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Scottish National Dictionary (1700–)

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First published 1956 (SND Vol. IV).
This entry has not been updated since then but may contain minor corrections and revisions.

FUMMLE, v.2, n.2 Also fummel, -il; fommel, fom(m)le. ne.Sc. forms of Whummle. Cf. Folm.

I. v., tr. and intr. To turn upside down (ne.Sc. 1710 T. Ruddiman Gl. to Douglas Aeneis, s.v. fumler; Mry.1 1925; ‡ne.Sc. 1953); to tumble the cat.Bnff. 1847 A. Cumming Tales 45:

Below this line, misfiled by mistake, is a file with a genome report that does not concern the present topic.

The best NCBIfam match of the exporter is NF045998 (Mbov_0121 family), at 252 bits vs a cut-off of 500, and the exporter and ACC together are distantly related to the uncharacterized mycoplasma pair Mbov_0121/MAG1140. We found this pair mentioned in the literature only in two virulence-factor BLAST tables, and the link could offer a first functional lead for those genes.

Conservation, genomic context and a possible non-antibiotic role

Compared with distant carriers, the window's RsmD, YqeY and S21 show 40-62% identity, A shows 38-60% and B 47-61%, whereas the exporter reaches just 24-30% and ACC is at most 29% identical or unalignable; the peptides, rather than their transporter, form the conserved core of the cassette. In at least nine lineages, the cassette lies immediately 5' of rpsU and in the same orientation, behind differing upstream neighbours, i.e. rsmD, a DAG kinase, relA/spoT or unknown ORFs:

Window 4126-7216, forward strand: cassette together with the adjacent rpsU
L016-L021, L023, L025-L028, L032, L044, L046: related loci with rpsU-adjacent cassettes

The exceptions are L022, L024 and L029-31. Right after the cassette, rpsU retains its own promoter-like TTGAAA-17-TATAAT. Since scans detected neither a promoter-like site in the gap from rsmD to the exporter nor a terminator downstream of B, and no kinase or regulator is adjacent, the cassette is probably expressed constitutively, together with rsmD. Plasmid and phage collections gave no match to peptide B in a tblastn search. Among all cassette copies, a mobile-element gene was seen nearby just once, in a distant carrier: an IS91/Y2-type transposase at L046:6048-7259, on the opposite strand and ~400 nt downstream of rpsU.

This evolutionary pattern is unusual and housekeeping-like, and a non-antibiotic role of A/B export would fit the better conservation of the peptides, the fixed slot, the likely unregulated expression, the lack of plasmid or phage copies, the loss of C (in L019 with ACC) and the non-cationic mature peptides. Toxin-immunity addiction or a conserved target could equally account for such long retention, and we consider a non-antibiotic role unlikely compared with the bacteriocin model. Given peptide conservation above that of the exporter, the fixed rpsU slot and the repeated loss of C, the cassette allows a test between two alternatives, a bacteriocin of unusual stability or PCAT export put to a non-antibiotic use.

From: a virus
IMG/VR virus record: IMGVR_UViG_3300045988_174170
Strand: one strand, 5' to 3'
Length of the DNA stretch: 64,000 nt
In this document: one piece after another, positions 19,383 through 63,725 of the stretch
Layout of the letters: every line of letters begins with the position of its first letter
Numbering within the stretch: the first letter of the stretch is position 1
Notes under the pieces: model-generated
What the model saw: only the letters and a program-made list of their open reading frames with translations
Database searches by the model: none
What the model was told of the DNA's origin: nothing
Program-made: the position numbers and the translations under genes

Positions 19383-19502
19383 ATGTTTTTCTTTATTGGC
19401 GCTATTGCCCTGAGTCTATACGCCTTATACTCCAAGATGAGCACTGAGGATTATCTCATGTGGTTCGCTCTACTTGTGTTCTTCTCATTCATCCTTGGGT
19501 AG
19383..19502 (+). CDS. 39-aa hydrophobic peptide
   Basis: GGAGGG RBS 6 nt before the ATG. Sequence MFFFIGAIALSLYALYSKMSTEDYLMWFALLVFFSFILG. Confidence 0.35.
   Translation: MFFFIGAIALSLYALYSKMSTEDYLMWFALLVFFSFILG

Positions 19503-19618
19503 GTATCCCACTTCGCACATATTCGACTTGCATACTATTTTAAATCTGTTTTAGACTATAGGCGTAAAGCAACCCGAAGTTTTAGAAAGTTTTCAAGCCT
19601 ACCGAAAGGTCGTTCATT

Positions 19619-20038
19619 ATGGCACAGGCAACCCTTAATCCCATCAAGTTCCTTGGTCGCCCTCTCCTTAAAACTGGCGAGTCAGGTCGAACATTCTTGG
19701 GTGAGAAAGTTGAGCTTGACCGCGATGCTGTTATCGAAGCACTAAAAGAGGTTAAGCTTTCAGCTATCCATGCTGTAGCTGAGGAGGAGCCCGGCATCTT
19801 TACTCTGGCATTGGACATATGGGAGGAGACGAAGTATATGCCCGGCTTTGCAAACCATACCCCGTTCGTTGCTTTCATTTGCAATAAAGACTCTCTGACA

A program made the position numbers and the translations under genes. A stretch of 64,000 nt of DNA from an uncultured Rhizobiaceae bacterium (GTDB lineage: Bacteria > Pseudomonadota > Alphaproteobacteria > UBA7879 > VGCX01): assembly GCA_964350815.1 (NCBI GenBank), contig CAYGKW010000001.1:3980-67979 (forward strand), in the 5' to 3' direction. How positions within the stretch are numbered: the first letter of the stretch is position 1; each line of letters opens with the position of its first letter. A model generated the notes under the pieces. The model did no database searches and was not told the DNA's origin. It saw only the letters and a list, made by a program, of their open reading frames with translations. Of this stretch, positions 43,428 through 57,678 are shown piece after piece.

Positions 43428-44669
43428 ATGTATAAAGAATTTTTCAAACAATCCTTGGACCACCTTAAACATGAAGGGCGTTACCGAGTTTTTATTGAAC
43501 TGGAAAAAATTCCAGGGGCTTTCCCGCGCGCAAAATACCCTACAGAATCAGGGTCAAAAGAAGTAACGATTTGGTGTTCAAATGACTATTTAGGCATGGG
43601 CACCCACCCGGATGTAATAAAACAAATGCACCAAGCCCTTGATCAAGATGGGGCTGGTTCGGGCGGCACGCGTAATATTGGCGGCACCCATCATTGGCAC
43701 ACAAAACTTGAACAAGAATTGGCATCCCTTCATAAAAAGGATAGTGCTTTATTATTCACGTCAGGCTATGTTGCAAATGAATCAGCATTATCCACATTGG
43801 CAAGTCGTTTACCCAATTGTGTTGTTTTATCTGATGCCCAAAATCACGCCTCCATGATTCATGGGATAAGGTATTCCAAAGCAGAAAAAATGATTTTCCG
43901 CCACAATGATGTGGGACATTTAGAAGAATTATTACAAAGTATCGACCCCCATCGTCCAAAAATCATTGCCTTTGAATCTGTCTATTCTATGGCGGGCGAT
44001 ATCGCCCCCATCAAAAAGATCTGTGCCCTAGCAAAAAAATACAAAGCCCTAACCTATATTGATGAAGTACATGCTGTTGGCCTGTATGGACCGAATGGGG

She fomled the bicker aboon his pow.
Abd. 1867 Mrs Allardyce Goodwife 10:
There's naething like a timmer cap, . . . Ane's fommell't there to raise the barm.
Bnff. 1889 Banffshire Jnl. (31 Dec.):
But tell me fat it's for. 'Odsakes! To mak' the bairns grow jimpin-jakes An fummle, fow, an' furl like snakes.
Abd. 1950 Buchan Observer (15 Aug.):
The brose caup or bowl is usually “fommeled ower” the bowl of milk to keep it free from dust and the like.

II. n. In pl.: the whip for a spinning-top (Abd. 1825 Jam.). Comb. fummel-stick, the whip handle.Abd. 1840 W. Bannerman Abd. Worthies 94:
He could accommodate us with a piece of twine to tie on our new points on our fummel sticks.

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"Fummle v.2, n.2". Dictionary of the Scots Language. 2004. Scottish Language Dictionaries Ltd. Accessed 23 May 2024 <>



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